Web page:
The war that came after was called the Horus Heresy, and in the 7 years of that war Horus destroyed almost 300 years of human progress. Uncountable trillions of human lives were snuffed out. 3 loyal legions were nearly wiped out to a man, and many others were left stranded and isolated from Terra behind a massive warp storm that divided the galaxy in twain. Horus destroyed any who wouldn’t capitulate to his demands during his wars of Dark Compliance, and the Age of Darkness began. The Horus Heresy was the greatest civil war humanity would ever fight, and the galaxy burned as brother turned against brother, all to the laughter of thirsting gods, who reveled in the power the conflict fed them. The conflicts are too many to even hope to detail here. Notable battles include the Isstvan campaign, the Burning of Prospero, the War in the Webway, the Signus War, the Betrayal at Calth, the Martian Civil War, the Battle of Beta Garmon, and many others.
The Siege of Terra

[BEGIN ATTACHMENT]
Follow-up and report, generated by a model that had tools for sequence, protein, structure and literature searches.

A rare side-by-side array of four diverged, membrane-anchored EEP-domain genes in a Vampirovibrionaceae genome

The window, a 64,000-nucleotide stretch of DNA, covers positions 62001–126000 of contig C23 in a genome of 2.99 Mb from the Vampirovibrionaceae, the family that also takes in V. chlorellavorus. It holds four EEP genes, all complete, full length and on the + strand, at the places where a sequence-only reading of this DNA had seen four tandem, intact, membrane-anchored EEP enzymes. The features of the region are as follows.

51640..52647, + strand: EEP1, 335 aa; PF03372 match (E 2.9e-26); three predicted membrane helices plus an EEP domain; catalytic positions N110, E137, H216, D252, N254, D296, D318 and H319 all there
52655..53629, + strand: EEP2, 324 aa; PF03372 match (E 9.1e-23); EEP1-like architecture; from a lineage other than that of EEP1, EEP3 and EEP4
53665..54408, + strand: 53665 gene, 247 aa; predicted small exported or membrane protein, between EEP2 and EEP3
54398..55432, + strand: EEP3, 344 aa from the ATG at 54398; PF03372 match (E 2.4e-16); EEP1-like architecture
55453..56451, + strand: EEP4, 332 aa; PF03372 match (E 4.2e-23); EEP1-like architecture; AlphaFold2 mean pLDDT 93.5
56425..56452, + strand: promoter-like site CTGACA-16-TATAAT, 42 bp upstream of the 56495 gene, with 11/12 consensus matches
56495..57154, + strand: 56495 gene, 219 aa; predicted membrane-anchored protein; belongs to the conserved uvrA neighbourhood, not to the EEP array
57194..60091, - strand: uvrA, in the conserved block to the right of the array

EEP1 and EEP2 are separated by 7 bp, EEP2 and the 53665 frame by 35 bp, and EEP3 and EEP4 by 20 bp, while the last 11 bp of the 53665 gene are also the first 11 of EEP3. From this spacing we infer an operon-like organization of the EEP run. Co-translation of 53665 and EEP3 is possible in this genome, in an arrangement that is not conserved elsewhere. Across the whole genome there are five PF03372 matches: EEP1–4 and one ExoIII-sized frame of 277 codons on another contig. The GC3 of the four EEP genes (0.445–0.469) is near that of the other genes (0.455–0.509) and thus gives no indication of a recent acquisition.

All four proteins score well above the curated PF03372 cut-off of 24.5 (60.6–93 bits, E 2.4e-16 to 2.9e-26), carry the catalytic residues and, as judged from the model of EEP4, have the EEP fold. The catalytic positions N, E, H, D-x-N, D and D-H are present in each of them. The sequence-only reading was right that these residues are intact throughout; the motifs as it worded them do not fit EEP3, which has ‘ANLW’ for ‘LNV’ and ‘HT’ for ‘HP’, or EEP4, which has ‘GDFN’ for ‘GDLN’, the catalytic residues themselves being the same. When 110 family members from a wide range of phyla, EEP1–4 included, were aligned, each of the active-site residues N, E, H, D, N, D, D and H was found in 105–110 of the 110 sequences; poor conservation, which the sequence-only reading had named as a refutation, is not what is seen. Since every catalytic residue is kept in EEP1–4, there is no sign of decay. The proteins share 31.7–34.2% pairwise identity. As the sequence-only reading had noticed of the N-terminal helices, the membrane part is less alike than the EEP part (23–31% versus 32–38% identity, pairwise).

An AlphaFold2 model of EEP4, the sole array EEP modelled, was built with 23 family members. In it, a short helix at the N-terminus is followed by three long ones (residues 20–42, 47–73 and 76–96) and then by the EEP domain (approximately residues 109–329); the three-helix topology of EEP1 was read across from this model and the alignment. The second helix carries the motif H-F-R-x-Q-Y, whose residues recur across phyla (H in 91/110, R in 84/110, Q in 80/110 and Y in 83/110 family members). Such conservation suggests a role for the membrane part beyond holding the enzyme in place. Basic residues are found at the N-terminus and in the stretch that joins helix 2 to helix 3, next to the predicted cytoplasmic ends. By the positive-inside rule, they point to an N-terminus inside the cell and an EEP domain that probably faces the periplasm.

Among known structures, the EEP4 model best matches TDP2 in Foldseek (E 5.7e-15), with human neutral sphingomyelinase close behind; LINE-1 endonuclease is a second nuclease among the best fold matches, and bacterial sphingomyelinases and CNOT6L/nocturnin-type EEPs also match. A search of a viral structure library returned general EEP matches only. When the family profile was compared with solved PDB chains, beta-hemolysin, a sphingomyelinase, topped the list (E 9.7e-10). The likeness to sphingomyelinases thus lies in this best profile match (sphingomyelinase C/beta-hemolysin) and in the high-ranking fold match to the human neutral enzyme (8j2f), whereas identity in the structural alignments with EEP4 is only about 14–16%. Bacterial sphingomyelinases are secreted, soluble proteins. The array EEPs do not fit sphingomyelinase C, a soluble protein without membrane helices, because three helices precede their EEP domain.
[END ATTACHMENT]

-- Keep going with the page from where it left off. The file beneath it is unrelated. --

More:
The war culminated in the Siege of Terra, where Horus and his eight traitorous brothers descended with their legions in wrath upon the Imperial Palace on Terra. Only three loyal legions, the Imperial Fists, the Blood Angels, and the White Scars, were there to fight off the traitors, many of whom were unrecognizable after embracing the powers of Chaos. Demons fought in their ranks, and the might of the warp pitted itself against its hated enemy in full force. As the siege dragged on, and reinforcement loyalist legion forces began to bear down upon the war-torn system, Horus made a gamble. Lowering the shields on his flagship “The Vengeful Spirit,” Horus baited the Emperor into attempting to confront him directly. The Emperor, along with his loyal sons Rogal Dorn (primarch of the Imperial Fists) and Sanguinius (primarch of the Blood Angels), as well as a cadre of their most elite troops took the chance and teleported aboard Horus’ flagship. They were all separated during the teleport, and the living nightmare of the Vengeful Spirit’s warp-corrupted halls killing most of those who fought there with its host of chaos-bred nightmares.